Monday, July 5, 2010

The full circle

Almost anyone who knows me knows that I went to college to teach English and coach tennis. Those were the two areas of high school where I was moderately successful. I say this because in a high school class of 720 students there are some very high achievers. Fifteen of us grew up to be physicians. There is a least one federal court judge, several lower level judges, and about a dozen attorneys. Many of my classmates are teachers at various levels. In fact 82% of us finished at least 4 years of college and earned a degree. This is from a public high school in the western part of the state. College was expected and most of us found a way to go.

I did not begin my college career believing I had what it takes to get into, let alone finish medical school, so I just thought I would teach. Teaching looked like a good life and I had plenty of role models after 12 years of elementary through high school education. Yet, when I switched majors, earned a degree in biology with a minor in chemistry, applied to medical school and was rejected, I was shocked at what a difficult job teaching high school chemistry happened to be.

For just over 9 months, I read and re-read the chemistry text books. I organized class notes, prepared lectures, made pre-lab quizzes, and graded papers. Even more challenging, I dealt with the behavior of students who were 4 to 6 years younger than myself. "How did the world go downhill in such a short period of time," I often wondered. When I was a student we were never like these students. Or were we? I do vaguely remember the reason I had such a keen interest in college chemistry was because I learned none in high school. Was it me or was it the teacher?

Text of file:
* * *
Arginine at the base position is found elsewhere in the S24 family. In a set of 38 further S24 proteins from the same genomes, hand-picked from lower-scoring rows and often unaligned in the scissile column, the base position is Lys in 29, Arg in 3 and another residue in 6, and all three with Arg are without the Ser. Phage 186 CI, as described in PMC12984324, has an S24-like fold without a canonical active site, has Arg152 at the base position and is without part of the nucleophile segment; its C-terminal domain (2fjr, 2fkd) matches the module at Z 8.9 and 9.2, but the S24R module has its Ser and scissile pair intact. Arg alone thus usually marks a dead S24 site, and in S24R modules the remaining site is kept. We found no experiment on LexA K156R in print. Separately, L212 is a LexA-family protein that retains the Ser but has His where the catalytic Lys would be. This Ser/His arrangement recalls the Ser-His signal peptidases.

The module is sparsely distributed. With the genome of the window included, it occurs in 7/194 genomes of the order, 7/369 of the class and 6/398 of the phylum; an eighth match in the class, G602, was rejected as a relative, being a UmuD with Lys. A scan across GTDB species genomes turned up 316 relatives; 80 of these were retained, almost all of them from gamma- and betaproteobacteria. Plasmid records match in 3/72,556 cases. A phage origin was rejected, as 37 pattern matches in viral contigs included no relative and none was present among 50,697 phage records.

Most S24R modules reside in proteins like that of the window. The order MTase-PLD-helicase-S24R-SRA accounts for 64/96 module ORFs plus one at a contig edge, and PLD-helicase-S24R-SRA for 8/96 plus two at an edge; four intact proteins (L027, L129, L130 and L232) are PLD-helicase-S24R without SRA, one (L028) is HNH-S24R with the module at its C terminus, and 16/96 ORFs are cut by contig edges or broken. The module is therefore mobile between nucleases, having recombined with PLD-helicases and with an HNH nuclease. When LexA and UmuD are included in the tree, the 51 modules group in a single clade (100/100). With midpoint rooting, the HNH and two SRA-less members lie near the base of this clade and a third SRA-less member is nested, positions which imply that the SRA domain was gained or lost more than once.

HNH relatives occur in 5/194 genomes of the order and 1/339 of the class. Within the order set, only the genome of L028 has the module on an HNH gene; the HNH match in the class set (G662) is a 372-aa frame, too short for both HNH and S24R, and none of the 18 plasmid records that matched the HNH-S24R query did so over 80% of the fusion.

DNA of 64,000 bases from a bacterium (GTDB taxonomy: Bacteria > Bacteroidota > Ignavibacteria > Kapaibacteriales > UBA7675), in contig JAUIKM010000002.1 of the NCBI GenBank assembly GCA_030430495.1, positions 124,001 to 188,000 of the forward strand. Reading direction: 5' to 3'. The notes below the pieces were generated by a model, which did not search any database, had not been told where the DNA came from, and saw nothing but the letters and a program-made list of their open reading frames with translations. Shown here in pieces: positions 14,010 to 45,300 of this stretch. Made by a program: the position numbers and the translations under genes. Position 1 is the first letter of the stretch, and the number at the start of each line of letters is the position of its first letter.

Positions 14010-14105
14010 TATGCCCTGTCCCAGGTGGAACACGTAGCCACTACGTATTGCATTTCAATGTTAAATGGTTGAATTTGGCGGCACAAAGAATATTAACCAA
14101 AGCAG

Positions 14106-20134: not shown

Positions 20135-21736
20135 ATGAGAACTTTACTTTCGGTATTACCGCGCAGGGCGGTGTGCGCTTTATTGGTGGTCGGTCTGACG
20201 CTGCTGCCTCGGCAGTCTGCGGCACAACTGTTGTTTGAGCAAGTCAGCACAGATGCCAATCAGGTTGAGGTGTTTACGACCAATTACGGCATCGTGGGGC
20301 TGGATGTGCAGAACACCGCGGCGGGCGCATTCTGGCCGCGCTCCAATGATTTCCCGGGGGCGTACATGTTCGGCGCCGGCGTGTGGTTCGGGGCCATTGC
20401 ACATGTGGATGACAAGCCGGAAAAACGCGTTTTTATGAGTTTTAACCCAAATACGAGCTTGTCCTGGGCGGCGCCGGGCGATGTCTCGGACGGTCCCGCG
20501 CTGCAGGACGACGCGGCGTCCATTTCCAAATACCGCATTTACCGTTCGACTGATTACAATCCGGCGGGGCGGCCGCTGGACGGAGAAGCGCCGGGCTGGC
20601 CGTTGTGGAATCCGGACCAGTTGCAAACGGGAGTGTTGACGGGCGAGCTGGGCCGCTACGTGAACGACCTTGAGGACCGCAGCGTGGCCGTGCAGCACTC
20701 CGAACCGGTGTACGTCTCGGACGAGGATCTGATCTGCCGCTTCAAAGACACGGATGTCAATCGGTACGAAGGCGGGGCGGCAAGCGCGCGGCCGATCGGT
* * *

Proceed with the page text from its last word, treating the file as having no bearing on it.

At any rate, just before Christmas of that fateful year as a high school chemistry teacher, when I learned I had been accepted in to medical school, I wept. I cried not for the fact that on my second try I had been admitted into this elite institution to study for a different profession. I cried because the first 4 and one half months of teaching had exhausted me. Now realizing I would not have to continue teaching high school chemistry, I thought I could make it through the rest of the school year.

With this background, you can imagine my chagrin when I receive the residency program's teaching award for this past year. While I was overwhelmed at the thought that twenty residents voted to give this award to me, I was truly overcome when I received a standing ovation from the guests at the graduation dinner. The icing on the cake of this honor was having one of the just graduated residents tell me, "You were just the right amount of hands on and let me do it myself. I felt like I was doing it my way but you know what I was doing and you were close enough that I could call you if I got into trouble."

The past year, removed some thirty-three years from my first year teaching experience, has been an incredible joy. What I have gained from working with and teaching these young physicians as they move toward their goal of becoming obstetrician-gynecologists has more than compensated for anything I lost leaving my private practice. I feel as if I have come the full circle, arriving at a place much like the one where I began. And I realize that having traveled here, the journey has made me appreciate it so much more.
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1 comment:

Former Texas Clergy Pal said...

That is awesome. And I am NOT one bit surprised. I am certain you are a fantastic teacher.